It was interesting to visit the largest refugee camp in the North Greece. I am impressed with the way Greece has handled the refugee crisis. Several hundreds of the former inhabitants in this camp have either moved north inEurope or being relocated to apartments in Thessaloniki. There were only 310 refugees left in this camp, but nobody really know when the next wave of refugees will arrive. A lot depends on the development between Turkey and the EU.
The camp used to consist of a number of tents, but the standard had come up and most of the refugees live in containers. in a few months there will be built 120 real homes on the field at the one side of the camp.
There are separate areas only for women in the camp, as well as prayer rooms for different religions. as you can see above there is also an Orthodox chapel built for the camp. Here are no refugees from Syria. apart from 8 people from Pakistan all are from Afghanistan.
John from REACT and Henry from Syria. Henry has decorated the window in our Refugee office, and he has been very active in the REACT programme here in the YMCA, playing theatre together with actor John. Henry and I got to know one another, and then he introduced me to his sister and his parents.
The whole family of Henry plus REACT members. Henry and family are on their way to the Netherlands in a few days. Any YMCA connections there?
Ingunn and Lisa in Athens next day. After interesting and full days in Thessaloniki we flew down to Athens to visit the National YMCA in Greece and Athens YMCA.
Nikos Bibiris is an old friend from my time in YMCA Europe. it was a real pleasure to reconnect with Nikos and we had lunch together with him and two board members. The conversation was stimulating. What is the position of the YMCA in the world today? What are the development trends we have to deal with? How do we regard Islam today? The refugee crisis?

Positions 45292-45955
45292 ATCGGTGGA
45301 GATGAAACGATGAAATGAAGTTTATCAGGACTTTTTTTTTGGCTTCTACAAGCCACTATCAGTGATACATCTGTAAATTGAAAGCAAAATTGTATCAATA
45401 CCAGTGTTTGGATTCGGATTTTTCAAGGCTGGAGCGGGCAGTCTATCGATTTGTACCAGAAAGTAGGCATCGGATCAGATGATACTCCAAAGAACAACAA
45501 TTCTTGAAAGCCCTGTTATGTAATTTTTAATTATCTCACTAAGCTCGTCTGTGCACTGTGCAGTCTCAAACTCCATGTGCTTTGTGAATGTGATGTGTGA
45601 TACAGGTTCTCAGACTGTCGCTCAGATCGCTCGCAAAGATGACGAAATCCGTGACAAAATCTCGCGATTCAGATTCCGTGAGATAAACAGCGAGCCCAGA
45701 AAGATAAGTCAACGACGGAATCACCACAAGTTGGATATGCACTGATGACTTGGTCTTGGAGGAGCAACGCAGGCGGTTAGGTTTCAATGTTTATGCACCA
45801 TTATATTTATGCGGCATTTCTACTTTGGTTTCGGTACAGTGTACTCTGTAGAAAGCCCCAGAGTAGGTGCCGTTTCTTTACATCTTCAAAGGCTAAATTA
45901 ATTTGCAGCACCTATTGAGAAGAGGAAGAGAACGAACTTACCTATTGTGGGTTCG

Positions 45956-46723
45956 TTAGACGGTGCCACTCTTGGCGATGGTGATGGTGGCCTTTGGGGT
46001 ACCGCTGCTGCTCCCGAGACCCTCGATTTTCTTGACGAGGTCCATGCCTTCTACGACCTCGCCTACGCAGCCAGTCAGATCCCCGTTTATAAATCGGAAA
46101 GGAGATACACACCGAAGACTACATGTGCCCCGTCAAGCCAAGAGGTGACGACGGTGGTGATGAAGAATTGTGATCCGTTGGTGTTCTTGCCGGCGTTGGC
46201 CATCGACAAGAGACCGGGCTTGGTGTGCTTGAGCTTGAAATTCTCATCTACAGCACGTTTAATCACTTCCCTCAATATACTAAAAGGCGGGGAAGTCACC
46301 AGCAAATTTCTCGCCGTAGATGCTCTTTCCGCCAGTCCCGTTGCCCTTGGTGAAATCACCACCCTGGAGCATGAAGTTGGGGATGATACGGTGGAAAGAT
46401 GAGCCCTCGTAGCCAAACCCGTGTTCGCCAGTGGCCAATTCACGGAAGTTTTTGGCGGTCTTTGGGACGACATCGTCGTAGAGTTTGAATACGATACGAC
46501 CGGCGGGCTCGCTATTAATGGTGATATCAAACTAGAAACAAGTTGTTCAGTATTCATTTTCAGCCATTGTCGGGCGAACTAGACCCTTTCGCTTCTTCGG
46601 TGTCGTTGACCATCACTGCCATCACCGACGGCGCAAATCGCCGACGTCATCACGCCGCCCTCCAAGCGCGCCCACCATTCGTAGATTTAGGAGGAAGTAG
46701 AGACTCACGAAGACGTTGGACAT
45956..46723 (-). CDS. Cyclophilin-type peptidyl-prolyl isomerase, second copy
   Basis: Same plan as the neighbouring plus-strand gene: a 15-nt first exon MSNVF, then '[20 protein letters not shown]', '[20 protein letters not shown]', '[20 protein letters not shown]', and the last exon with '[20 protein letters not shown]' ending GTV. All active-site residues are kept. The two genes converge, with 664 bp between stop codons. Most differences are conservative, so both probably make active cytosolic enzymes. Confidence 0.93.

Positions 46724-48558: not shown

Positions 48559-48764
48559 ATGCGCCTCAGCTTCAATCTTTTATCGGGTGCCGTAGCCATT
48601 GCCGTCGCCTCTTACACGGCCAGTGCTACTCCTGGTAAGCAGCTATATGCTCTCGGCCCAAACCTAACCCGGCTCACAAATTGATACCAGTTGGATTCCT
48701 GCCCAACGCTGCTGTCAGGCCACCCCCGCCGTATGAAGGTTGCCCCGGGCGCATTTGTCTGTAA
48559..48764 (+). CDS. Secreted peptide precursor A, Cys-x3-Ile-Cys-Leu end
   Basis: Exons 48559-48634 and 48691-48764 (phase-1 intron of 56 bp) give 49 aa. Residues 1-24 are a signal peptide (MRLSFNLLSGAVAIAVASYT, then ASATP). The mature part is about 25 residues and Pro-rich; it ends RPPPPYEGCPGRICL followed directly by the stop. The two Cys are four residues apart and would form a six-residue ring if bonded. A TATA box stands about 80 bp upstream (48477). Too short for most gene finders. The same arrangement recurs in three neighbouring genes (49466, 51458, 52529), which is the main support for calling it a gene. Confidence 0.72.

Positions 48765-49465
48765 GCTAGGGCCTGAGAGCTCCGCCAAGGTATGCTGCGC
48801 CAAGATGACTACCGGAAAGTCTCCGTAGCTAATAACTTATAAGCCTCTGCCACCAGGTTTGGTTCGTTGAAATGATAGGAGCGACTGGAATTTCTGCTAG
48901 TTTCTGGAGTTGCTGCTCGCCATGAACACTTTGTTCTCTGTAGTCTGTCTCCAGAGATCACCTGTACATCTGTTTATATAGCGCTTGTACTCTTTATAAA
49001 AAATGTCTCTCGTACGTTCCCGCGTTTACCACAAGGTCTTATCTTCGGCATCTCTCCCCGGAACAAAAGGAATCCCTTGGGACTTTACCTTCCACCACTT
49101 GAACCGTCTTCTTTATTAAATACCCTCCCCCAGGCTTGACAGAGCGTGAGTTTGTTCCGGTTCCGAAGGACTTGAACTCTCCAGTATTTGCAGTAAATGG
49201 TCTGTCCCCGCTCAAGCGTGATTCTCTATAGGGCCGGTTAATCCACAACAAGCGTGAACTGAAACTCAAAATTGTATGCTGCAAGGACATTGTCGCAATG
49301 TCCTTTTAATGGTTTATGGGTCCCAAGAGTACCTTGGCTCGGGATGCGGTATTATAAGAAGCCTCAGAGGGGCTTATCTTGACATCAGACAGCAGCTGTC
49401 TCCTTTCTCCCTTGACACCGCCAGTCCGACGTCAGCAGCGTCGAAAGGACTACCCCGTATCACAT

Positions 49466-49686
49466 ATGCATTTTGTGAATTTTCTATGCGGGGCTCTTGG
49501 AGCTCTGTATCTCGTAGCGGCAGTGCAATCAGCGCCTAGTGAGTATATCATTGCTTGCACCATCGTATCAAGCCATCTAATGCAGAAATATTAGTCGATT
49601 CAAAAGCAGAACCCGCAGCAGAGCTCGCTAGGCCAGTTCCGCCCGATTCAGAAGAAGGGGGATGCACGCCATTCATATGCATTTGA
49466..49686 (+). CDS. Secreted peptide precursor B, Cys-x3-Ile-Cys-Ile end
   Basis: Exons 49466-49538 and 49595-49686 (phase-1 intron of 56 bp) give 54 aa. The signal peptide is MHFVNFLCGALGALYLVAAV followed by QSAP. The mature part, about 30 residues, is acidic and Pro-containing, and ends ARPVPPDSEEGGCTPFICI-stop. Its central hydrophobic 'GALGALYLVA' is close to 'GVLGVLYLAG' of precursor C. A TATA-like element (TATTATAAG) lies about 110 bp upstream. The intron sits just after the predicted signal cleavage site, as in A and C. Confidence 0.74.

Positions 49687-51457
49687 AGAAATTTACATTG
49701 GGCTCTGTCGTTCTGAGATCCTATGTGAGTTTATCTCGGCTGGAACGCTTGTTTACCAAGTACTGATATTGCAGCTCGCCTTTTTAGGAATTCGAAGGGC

The word “Souvlaki” in the title of this blogpost indicates that it is not only about the Refugee Office. It is also a photographic walk through some interesting spots in Athens. I could not resist this outcry for peace!
To the far left here is Lefteris, the Vice Mayor of the Nikea Municipality and the physical instruction director for the local YMCA. The man to the right is the chief of the Air Force Military Police in Athens and a veteran volunteer at the YMCA.
In the late evening the Vice Mayor of Nikea, Lefteris, asked if we were interested in visiting a nearby refugee camp where the YMCA and the municipality of Nikea had plans for some activities. We accepted the invitation, and accompanied by the colonel who is the chief of the Air Force Military Police for all Athens, we had no problems in getting access and be showed around by two staff.
Again we saw a well regulated camp in good conditions. in this camp there were more than thirty unaccompanied minors – a great responsibility for the employees.
Acropolis is residing majestically over Athens and we are walking on and in and through history wherever we turn our steps. The Greec society is continously in a deep financial crisis. Still the population is able to demonstrate hospitality and solidarity with other people in difficult situations. The World YMCA is grateful that we are being invited in by our Greec friends to learn from them and to collaborate with them for the good for the refugees, especially the young ones.